Let’s get back to the challenge Nanda’s team faced to evacuate solar and wind energy via a single transmission line. “We developed a common inverter for wind and solar with creative power electronics and innovative model-based controls at turbine and farm level,” he explains.
Such has been the impact of this technology that a separate hybrid renewable division has been created within GE by merging the other verticals of solar, wind, transmission, and grid into a single unit. Running the hybrid plants will require leveraging strengths of all these different verticals, explains Wanchoo, who also has a master’s in computer engineering from the University of Southern California.
The biggest hurdle in commercialisation of hybrid technology is cost. Wanchoo says it isn’t fair to compare the tariffs for hybrid technology with the tariffs for wind or solar power. “A fair comparison should be with base load power or thermal energy, which averages between ₹4 and ₹5 per kWh,” he says.
But even the best hybridisation strategy won’t reduce the importance of continuous improvements in wind and solar energy technologies. And customisation of wind turbines for Indian conditions is already paying dividends. For instance, the plant load factor (PLF) or efficiency of these turbines has already gone up from 20% to 35% in the past three years. “The impact of increased PLF means a 40% cost reduction for developers,” says Sinha. ReNew Power has 4,500 megawatt (MW) of commissioned power, which Sinha wants to double in the next three years.
There are a few structural factors that constrain the growth of wind energy in India. First, there aren’t too many sites which have the required wind strength, and the best ones have already been taken. “Therefore, developers are unlikely to get 100 MW of wind energy from one site in the future,” says Sinha. Compounding the problem is the timely evacuation of power from these sites in the absence of adequate transmission lines and grid connectivity.
Second, the variability and volatility of wind energy is much higher than that of solar energy and therefore predicting the actual output is more difficult than for solar. For instance, the variability of wind energy between two consecutive years can be as much as 10% while that of solar is just 2-3%. “But the biggest challenge with wind energy is that wind speeds pick up the most during the monsoon season when demand is low and hence utilities such as distribution players may not be interested in picking up the extra load,” says Sinha.
Once storage is in place, it really does not matter whether one is using solar or wind energy. But the problem with storAge is that it is still very expensive . It is an incremental cos t. . .storage costs have to come down quite substantially for them to become economically usable.
Sumant Sinha, chairman and managing director of ReNew Power.
Here’s where GE steps in. To generate higher wind energy from the same site requires three things: increasing the size of the blade, raising the height of the towers on which the wind turbine rests, and modifying the control system that runs the turbines. Since power generation is directly proportional to the swept area of the blades, GE’s blade manufacturing facility, the Bengaluru-based LM Wind Power which it acquired in 2017, is busy manufacturing longer blades. Over the years, the blade length has increased from 40 m (generating 1.6 MW of wind power) to 65.4 m (2.5 MW). It is set to hit a size of more than 70 m, which will generate 5 MW of power. Similarly, the rotor diameter of the turbine—the wind catching area—has expanded from 82.5 m to around 145 m, depending on the length of the blade. Sabatier says the next generation of turbines will have a rotor diameter of around 150 m, “which will allow the blades to capture 20-25% more wind at any site”.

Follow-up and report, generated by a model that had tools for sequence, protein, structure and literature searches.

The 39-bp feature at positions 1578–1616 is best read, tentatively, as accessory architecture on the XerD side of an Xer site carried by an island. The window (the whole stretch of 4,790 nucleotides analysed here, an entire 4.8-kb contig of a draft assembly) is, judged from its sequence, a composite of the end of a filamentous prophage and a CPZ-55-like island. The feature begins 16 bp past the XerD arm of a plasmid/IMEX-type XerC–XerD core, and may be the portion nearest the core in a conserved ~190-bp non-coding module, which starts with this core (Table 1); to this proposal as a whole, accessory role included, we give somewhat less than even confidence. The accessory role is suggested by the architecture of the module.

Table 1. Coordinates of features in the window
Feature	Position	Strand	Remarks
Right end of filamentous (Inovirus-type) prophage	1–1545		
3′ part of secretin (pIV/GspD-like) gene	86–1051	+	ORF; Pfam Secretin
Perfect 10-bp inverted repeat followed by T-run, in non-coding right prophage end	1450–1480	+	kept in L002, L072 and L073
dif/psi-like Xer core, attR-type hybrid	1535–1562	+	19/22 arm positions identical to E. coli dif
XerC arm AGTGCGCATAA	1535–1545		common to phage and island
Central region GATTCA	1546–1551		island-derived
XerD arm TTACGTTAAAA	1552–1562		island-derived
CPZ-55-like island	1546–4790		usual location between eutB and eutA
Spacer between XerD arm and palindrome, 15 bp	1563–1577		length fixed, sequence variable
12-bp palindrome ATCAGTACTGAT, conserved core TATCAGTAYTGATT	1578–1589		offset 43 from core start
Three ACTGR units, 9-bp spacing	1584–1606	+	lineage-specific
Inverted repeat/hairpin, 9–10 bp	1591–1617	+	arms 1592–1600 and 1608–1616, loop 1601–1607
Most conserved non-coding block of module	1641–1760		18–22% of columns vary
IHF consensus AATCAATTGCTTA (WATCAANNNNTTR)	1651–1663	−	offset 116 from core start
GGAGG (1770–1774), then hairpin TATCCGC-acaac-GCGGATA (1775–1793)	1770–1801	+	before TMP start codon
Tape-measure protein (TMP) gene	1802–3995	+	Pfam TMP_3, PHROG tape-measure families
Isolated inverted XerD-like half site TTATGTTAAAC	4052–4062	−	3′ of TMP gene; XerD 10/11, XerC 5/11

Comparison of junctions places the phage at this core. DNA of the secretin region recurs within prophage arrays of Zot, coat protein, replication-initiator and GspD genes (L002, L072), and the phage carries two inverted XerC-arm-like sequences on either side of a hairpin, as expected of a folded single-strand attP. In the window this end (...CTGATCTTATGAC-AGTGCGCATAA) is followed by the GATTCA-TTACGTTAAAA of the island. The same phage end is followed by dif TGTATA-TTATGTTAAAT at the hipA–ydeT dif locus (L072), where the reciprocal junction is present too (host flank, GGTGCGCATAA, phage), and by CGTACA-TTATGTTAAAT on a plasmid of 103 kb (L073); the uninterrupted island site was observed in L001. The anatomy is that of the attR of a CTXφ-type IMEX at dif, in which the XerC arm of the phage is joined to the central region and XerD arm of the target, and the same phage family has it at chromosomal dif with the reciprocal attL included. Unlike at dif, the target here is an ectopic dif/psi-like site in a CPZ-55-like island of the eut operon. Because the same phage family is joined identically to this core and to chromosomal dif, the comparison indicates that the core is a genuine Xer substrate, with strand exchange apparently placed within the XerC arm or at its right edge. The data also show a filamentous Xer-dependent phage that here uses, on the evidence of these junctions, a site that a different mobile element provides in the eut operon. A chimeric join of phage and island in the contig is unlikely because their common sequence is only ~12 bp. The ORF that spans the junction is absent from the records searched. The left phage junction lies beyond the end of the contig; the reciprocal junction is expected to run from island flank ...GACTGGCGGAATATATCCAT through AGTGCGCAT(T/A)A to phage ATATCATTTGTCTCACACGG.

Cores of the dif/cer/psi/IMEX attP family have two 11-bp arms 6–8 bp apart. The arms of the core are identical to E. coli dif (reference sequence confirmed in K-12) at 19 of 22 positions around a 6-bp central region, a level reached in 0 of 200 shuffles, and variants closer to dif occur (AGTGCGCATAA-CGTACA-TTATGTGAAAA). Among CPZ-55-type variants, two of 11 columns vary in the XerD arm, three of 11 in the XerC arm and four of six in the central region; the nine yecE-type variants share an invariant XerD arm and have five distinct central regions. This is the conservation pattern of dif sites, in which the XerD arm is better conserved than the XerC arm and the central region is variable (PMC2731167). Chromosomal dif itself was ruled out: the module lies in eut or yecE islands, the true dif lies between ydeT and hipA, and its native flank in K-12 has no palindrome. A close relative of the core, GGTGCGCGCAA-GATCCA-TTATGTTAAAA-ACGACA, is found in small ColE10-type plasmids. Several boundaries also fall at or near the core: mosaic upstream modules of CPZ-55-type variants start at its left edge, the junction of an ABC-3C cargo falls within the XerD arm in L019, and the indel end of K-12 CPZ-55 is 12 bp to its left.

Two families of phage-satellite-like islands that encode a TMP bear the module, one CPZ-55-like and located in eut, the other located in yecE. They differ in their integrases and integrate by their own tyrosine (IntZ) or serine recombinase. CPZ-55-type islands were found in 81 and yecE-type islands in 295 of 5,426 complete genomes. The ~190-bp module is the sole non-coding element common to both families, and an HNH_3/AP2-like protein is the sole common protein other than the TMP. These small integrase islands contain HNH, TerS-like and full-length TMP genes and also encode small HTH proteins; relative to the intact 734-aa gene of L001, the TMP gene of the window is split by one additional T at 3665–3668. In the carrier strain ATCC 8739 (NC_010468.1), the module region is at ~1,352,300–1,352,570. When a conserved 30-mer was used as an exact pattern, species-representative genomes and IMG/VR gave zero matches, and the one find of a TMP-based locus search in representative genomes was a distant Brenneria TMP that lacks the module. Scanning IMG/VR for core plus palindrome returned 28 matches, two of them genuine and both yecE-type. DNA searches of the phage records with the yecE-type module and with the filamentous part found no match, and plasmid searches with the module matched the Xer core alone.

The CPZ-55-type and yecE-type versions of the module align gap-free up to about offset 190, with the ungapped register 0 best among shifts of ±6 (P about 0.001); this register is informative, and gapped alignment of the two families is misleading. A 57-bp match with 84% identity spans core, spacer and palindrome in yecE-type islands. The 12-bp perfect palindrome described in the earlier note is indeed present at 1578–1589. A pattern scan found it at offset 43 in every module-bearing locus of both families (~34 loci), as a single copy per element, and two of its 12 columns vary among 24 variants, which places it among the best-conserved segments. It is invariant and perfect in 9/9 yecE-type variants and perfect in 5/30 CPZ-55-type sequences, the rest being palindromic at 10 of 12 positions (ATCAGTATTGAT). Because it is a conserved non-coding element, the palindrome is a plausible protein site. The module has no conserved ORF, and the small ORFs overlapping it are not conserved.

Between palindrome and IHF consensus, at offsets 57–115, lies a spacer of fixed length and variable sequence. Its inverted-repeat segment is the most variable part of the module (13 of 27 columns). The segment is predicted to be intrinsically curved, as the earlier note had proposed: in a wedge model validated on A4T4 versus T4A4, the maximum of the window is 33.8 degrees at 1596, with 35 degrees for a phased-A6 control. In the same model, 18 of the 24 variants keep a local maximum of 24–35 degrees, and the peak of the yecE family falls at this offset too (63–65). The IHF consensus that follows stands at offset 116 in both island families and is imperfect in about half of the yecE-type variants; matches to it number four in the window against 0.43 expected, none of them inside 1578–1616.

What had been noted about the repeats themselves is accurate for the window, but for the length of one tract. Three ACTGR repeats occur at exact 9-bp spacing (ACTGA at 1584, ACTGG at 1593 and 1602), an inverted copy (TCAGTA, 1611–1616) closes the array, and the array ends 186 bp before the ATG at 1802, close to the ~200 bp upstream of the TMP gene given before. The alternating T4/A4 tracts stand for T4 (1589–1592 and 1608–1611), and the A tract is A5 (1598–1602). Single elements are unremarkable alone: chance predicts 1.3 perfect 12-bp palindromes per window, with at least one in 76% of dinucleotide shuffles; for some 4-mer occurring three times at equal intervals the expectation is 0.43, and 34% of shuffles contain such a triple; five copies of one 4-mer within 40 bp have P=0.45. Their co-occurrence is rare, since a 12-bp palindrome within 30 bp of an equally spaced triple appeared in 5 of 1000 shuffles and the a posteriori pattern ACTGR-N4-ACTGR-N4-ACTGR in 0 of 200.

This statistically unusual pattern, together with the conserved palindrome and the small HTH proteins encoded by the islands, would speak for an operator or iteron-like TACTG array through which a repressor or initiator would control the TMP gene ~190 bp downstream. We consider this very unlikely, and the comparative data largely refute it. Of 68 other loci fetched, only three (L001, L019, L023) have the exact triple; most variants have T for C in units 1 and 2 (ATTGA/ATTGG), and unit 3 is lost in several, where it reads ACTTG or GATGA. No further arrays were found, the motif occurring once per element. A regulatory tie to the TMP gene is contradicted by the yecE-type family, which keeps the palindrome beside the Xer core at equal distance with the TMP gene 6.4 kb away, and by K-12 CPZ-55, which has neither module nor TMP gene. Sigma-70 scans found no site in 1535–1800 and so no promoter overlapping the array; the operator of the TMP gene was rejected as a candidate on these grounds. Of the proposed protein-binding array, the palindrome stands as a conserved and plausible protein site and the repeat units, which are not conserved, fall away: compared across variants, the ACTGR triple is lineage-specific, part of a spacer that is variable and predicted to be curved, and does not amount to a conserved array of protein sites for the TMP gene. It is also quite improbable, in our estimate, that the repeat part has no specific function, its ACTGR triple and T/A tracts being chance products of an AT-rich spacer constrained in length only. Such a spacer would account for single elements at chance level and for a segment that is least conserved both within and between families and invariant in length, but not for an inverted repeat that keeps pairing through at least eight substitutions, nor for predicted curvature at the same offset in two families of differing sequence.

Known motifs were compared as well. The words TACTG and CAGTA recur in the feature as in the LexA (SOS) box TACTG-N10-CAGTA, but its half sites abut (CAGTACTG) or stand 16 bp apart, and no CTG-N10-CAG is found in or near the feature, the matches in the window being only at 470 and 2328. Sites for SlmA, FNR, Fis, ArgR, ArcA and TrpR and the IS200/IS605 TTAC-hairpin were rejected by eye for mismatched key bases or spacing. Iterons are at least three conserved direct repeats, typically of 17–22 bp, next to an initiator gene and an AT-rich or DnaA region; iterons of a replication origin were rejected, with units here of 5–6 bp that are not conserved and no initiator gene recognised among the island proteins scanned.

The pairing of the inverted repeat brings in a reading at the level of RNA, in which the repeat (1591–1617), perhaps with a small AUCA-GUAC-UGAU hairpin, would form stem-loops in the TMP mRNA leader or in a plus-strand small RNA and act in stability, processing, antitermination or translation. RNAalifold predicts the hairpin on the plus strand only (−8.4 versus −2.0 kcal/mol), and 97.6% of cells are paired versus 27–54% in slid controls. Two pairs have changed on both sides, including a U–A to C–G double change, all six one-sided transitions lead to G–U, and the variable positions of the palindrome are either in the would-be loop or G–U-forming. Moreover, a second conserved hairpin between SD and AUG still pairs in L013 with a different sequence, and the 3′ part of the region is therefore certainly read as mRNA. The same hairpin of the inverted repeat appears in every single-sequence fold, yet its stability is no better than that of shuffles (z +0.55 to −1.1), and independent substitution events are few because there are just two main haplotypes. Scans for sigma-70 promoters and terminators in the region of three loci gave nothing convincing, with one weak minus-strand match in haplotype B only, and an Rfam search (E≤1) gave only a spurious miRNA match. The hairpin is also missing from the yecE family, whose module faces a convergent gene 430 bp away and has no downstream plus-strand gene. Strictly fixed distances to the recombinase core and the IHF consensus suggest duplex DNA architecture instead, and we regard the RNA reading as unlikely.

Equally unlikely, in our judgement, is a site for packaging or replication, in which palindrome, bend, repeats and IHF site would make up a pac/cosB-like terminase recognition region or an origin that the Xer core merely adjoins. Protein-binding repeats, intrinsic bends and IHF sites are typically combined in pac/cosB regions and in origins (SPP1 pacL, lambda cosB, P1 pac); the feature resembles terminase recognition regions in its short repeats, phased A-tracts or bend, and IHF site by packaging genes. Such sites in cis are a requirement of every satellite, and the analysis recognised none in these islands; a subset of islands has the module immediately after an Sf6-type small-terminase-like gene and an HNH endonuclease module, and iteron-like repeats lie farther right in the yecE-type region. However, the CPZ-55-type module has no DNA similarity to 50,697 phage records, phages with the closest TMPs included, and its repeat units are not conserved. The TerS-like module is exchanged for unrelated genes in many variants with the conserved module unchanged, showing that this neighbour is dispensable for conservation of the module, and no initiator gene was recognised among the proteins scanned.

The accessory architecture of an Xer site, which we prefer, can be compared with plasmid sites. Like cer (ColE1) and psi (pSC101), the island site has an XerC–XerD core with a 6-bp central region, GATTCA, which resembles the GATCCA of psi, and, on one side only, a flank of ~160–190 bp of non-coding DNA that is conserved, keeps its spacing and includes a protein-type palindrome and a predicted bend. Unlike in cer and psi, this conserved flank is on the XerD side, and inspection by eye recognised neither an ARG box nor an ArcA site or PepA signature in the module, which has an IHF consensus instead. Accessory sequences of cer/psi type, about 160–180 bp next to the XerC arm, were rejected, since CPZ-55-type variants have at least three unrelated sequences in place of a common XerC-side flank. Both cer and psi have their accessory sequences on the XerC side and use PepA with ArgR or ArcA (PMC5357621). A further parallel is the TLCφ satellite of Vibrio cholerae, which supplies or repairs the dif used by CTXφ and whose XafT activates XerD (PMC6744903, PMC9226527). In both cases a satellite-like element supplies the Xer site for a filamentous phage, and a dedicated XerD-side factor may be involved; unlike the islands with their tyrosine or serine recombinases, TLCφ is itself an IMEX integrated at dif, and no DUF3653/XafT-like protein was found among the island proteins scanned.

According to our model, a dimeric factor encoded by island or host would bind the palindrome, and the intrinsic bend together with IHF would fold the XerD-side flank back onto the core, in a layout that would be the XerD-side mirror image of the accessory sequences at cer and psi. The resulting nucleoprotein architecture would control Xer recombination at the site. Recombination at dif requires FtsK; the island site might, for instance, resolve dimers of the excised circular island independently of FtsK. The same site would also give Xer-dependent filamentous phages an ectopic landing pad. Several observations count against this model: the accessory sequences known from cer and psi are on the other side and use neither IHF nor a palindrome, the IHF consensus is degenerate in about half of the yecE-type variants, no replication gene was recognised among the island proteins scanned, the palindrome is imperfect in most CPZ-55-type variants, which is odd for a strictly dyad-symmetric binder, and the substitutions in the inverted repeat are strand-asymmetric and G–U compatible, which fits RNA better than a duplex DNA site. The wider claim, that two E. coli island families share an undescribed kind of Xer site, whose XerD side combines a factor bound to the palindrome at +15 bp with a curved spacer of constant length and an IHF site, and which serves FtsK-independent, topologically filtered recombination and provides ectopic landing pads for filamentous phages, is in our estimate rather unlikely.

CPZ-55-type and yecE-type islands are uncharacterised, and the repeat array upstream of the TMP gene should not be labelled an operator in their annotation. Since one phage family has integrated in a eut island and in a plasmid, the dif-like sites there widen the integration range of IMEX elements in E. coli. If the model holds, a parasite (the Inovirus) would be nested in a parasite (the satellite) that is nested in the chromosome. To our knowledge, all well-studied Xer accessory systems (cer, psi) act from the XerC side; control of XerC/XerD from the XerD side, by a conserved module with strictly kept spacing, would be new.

But manufacturing bigger blades comes with its own set of challenges. Transporting these can be a logistical nightmare. So LM Wind Power has come out with its patented technology of a “jointed” or split blade for lengths of more than 70 m. In these blades, the longer root—the lower end of the blade of nearly 60 m—and the short tip of 16 m are manufactured separately and are joined by a special pin on the site. This not only reduces the transportation cost—the two ends of the blade can be carried separately—but offers other benefits, like carting only the tip for repairs. “What the jointed blade allows you to do,” explains Sabatier, “is to mass-produce the root of the blade in massive factories in a few countries and customise the tip according to the local needs.” Mass-producing the root also cuts costs.
Customising the blade tip for local conditions or even for individual wind farms—depending on the exact position of the turbine in the farm—is important because it (the tip) generates all the energy and faces wind speeds of nearly 280 km per hour. So, the tip is protected by using specialised polymers or other chemicals, keeping in mind the weather conditions at the site. For example, in freezing temperatures, the tip can have a heating element to prevent accumulation of snow. The tip has to last for 25 years since most contracts are for that duration.
“The real challenge is to enable field assembly and ensure the integrity of the joint so that it does not break under extreme conditions,” says Nanda, adding that effective inspection techniques using electromagnetic waves have been developed. Reducing the weight and the noise produced by these blades is as important as ensuring a fine balance between toughness and their high absorption rate. So, GE is adding carbon fibre and balsa wood to traditional glass fibre blades to reduce the weight, while also ensuring greater strength and flexibility. But they are expensive, and so, used sparingly. To reduce the noise made by the blades, the company turned to nature. Since the serrations on its wings help an owl swoop down on its prey silently, LM Wind Power made serrations on the edge of the blade to cut down on the noise while rotating.
With the levelised cost of electricity—or the cost of electricity delivered on the grid—becoming the most important criterion for utilities, companies have been forced to make changes in the towers too. As the blades get bigger and the machine head—a closed box that houses the shaft, gearbox, generator, and control system, and sits atop the tower and rotates with the blades—becomes heavier, there is a need for bigger towers. Adding more steel will add to the cost; so GE has been mixing it with concrete. Other innovations GE is working on are making the towers modular, adding lattices, and finding new composites.